An EU opportunity


In 1995, Israel and the European Union (EU) entered into an Association Agreement which called for ministerial-level meetings between EU representatives and Israel at least yearly, at which issues of mutual concern were to be discussed. For a number of reasons, it took almost five years for the Association Agreement to be ratified. And then in 2013, Israel canceled further meetings in reaction to the EU’s promulgation of a policy that prohibited EU funding for or cooperation with an Israeli body that operates or has links beyond the Green Line.

But now, thanks to efforts by Israel’s prime minister, Yair Lapid, and support from EU leadership — particularly representatives of France — the freeze has thawed and Association Council meetings are back on track. The first meeting in a decade was held in Brussels earlier this week.

Among the issues scheduled for discussion were the war in Ukraine, the global energy crisis and food insecurity. EU representatives also made clear their interest in discussing the Middle East peace process, in the hopes of building on what they saw as encouraging remarks by Lapid during his recent United Nations address, in which he called a two-state solution “the right thing for Israel’s security, for Israel’s economy and for the future of our children.”

Historically, the friction between the EU and Israel has centered on various aspects of Israel’s relationship with the Palestinians. EU member nations overwhelmingly support a two-state solution and oppose Israeli settlements in the West Bank. There were also economic tensions, driven by Europe’s thirst for oil, and EU member deference to the historic antagonism of Arab oil states to Israel.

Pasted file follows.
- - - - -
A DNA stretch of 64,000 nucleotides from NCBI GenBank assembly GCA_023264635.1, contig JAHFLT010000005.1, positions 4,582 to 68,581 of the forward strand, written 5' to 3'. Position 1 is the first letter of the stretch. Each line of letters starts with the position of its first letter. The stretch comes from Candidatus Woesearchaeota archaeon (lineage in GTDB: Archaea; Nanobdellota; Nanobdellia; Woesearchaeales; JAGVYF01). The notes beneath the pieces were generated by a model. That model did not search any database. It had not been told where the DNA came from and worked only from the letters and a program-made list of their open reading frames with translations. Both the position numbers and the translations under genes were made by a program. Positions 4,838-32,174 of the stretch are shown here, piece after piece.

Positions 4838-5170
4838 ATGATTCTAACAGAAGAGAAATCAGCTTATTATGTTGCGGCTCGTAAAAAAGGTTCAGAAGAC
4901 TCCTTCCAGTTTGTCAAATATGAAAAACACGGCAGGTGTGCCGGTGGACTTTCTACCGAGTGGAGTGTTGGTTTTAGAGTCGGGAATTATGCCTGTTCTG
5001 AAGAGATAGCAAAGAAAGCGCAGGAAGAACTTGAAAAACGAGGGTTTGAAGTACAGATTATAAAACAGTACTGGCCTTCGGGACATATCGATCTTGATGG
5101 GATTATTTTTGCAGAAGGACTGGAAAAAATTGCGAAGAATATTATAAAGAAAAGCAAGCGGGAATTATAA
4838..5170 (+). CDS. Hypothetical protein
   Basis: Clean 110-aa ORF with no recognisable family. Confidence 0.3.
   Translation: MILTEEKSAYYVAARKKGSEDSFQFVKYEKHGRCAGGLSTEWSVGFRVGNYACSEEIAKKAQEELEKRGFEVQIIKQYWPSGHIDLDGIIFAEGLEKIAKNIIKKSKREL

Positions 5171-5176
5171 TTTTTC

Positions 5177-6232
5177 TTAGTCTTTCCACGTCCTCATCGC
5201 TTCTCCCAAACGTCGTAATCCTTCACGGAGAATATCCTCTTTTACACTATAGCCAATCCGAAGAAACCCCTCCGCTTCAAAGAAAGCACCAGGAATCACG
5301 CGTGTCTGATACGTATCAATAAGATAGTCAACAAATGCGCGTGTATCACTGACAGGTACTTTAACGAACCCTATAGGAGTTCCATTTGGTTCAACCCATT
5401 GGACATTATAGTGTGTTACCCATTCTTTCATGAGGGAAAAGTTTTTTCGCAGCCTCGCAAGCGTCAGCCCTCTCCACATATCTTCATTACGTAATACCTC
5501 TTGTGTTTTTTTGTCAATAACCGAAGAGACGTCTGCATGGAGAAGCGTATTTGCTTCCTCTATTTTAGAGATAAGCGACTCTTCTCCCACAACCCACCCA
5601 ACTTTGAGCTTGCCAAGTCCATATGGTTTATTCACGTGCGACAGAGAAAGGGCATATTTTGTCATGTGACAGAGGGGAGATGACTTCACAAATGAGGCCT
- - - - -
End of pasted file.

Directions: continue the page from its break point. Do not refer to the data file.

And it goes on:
Much of that seems to have changed with the regional embrace of the Abraham Accords, a heightened need for Europe’s cultivation of alternative oil sources because of the war in Ukraine and the shift in Israel’s leadership from the hardline positions of former Prime Minister Benjamin Netanyahu to the more moderate positions of Lapid.

From the EU’s perspective, the stars may have aligned to offer an opportunity for a reboot of Europe’s relationship with Israel: Israel’s current leadership is receptive to the idea of a two-state solution, and Lapid is seen as a leader with whom they can pursue that approach. In addition, Israel has increasingly strong connections to and business relations with Arab oil producers, and is increasingly seen as a possible partner in Europe’s developing approach to a growing Russia-triggered energy crisis. Indeed, this past summer, Israel and Egypt signed a memorandum of understanding with the EU to boost gas exports.

All of that said, we hope that efforts toward renewed EU-Israel cooperation are not short lived. While the benefits of a meaningful joint effort are clear, there remain members of the EU who continue to vilify Israel and oppose rapprochement and there is the increasing likelihood that a less EU-sympathetic Netanyahu-led coalition will retake control of the government following next month’s elections. Both sides should therefore seize the current opportunity to create facts on the ground that strengthen EU-Israel relations.

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